Clinton's "flute for India"

John Clinton (1810–1864) was an English flutist and flute manufacturer. He was one of the first advocates of the conical Boehm flute In England, in the 1840's, but became disenchanted with it. When the right to manufacture Boehms's 1847 version was given to Rudall & Rose, Clinton introduced a number of his own models, most of which he termed "Equisonant".

Some wonderful pages of information on Clinton and his flutes are: The life and work of John Clinton by Adrian C. Duncan and Terry McGee.

One of his marketing efforts was the "Flute for India". An 1860 advertisement is shown below. (Click on the image for a larger version, one that can be read. Also see Terry McGee's pages.)

Unlike the equisonant flute, the flute for India was an ordinary simple system instrument: an eight-key, large-holed English flute. But it was made in metal to avoid damage by extreme climates.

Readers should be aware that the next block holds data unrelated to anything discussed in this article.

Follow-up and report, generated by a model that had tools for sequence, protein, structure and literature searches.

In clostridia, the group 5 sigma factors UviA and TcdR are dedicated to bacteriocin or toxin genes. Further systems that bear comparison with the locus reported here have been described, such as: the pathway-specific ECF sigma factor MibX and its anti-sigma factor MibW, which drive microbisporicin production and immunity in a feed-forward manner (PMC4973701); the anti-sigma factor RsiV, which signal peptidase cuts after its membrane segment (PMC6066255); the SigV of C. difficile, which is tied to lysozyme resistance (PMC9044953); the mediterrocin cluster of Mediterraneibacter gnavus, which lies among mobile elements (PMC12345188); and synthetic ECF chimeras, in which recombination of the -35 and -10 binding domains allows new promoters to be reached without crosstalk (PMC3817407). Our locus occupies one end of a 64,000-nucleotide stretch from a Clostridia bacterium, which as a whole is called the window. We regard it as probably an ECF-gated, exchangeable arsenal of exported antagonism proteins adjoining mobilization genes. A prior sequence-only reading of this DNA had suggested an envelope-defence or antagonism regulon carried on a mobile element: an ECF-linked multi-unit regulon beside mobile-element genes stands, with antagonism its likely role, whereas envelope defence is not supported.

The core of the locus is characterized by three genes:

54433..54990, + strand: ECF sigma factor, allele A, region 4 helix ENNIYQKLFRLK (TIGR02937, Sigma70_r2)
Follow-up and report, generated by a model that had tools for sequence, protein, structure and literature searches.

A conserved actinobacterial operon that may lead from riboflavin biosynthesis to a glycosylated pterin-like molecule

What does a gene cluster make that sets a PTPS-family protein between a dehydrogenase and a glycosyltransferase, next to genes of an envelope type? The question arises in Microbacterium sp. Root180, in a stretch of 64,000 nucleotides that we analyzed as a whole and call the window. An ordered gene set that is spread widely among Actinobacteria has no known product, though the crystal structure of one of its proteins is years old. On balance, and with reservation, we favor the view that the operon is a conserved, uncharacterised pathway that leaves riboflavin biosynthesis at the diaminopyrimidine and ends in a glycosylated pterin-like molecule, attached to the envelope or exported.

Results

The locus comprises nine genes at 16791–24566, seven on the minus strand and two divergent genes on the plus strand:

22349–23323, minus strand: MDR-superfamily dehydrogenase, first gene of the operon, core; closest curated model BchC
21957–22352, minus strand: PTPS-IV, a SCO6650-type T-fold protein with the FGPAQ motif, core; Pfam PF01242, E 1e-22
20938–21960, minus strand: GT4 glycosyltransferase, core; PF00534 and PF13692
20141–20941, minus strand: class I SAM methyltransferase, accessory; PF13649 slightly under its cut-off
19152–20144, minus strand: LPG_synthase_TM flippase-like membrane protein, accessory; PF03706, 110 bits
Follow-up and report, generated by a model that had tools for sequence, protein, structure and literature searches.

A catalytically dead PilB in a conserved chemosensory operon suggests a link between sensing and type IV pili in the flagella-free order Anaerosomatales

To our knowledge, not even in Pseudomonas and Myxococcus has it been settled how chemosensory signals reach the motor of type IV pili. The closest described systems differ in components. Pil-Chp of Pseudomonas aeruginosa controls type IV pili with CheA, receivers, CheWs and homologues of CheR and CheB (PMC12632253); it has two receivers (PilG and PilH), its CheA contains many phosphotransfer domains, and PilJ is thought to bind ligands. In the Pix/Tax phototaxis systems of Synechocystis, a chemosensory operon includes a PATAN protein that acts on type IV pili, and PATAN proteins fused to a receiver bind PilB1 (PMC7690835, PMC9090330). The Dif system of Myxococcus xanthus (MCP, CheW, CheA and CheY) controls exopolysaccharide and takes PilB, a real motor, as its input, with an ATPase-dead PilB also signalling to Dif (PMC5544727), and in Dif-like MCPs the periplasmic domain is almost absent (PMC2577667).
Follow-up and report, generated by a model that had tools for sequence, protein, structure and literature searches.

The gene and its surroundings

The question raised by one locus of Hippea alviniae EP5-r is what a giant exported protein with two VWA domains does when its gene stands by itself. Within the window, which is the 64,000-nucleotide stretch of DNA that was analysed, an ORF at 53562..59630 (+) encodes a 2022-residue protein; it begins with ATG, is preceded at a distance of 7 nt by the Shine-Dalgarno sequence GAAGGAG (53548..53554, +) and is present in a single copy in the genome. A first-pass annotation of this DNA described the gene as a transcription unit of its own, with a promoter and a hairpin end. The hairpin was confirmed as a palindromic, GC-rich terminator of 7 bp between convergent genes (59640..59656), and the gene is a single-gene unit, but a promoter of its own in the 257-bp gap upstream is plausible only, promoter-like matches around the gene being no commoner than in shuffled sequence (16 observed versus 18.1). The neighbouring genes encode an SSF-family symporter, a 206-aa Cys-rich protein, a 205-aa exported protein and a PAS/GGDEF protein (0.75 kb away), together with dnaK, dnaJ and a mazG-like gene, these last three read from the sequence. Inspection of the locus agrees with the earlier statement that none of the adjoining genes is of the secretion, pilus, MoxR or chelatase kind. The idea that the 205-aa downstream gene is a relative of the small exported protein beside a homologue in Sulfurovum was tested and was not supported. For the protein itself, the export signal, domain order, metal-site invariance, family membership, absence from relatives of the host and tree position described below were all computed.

It sounds more-or-less like any large-holed wooden English flute of the time. After hearing it, a modern flutist friend once said that it was the strongest evidence that the material of a flute does not much affect the tone that I could present.

The conical bore is especially visable due to the thin metal walls. The tone holes must be built up, in part so that the key pads will seat well, but also because the height of the "chimney" is critical to the tone, and the whole accoustic design, of a flute. The area surrounding the G# key is shown below.

The area surrounding the embouchure hole was built up as well, in this case with an ivory "barrel embouchure".